The majority of what is known as “event television” has an element (or several elements) which are exaggerated to the point where the audiences are left incredulous. This could be the amount of violence, sex or profanity, pushing the character traits to the edge of their humanity. While the physical actions of the characters are still important to a program, there are lines which have become indelible in our minds. A perfect example is the “I am the Danger!/I am the one who knocks!” meme of Season 4 of Breaking Bad, which perfectly expresses that characters are exaggerated almost to the point of ridiculousness. Therefore, melodrama is not only part of the soap-opera genre, but emerging into prime-time television. This is not a criticism or a step backwards for the medium, but an opening of a world without constrictions on where expectations can be met. Television is the medium where expectations can be broken and constantly heightened. It is not a privileged experience anymore, with the use of torrents or other routes of access, anyone can watch any program.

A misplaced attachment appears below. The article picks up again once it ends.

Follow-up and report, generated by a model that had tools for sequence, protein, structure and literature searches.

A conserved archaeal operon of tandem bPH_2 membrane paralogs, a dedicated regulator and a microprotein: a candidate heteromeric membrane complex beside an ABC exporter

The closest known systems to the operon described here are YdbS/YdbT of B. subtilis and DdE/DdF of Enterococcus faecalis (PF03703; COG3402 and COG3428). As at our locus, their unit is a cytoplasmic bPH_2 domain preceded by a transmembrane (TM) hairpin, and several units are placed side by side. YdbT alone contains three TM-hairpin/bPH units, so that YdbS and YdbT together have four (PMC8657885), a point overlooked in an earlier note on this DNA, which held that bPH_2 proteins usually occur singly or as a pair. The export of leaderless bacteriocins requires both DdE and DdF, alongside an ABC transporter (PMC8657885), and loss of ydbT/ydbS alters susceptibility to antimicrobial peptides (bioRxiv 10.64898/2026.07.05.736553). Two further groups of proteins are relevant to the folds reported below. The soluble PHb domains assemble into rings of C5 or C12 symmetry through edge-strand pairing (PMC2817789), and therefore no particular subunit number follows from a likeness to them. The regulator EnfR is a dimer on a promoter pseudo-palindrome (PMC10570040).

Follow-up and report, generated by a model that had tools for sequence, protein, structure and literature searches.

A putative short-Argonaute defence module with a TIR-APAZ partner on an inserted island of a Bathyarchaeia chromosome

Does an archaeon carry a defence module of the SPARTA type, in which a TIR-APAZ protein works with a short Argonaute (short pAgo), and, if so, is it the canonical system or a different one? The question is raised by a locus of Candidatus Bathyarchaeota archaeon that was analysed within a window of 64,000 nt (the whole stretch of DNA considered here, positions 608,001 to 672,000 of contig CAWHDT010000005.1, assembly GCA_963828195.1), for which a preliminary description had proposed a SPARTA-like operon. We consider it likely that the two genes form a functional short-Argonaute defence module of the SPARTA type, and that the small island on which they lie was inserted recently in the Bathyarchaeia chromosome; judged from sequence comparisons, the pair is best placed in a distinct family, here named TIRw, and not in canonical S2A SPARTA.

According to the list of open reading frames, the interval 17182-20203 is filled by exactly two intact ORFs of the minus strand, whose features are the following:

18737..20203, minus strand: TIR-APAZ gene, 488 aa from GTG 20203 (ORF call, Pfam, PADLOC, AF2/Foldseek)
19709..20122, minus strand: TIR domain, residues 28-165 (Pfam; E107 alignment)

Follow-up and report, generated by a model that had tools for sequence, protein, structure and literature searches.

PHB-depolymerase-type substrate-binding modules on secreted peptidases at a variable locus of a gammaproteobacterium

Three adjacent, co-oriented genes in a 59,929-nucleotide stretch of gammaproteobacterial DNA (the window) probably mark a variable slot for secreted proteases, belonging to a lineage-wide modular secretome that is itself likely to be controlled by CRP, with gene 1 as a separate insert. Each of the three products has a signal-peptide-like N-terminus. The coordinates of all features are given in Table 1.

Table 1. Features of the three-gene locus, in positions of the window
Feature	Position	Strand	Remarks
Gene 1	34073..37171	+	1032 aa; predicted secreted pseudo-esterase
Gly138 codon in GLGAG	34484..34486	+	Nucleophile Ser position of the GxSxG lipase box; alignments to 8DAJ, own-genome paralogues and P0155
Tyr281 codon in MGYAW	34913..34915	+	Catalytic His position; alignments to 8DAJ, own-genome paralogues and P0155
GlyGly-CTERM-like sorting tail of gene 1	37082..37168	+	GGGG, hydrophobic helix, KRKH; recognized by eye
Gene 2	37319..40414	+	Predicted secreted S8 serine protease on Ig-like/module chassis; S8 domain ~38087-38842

The recent Season 4 premiere of Game of Thrones broke the record for the most pirated episode ever, with Australia leading the way. Despite the subscription service Foxtel showing the episode only hours after HBO, 11.6 per cent of all illegal downloads came from Australia. This only further highlights that television is not about the inherent pleasure you get from the show, but about being part of the discussion during the airing of a television show. With the emergence of actors or writers “live tweeting”, as well as using hashtags, there is no end to the possibility of a program’s popularity. Yet, the question to ask is: Why are people downloading television shows? Would they pay for it if it were more readily available? The answer would probably be no. If there is always a easy way to access something for free, the majority of people will use that way.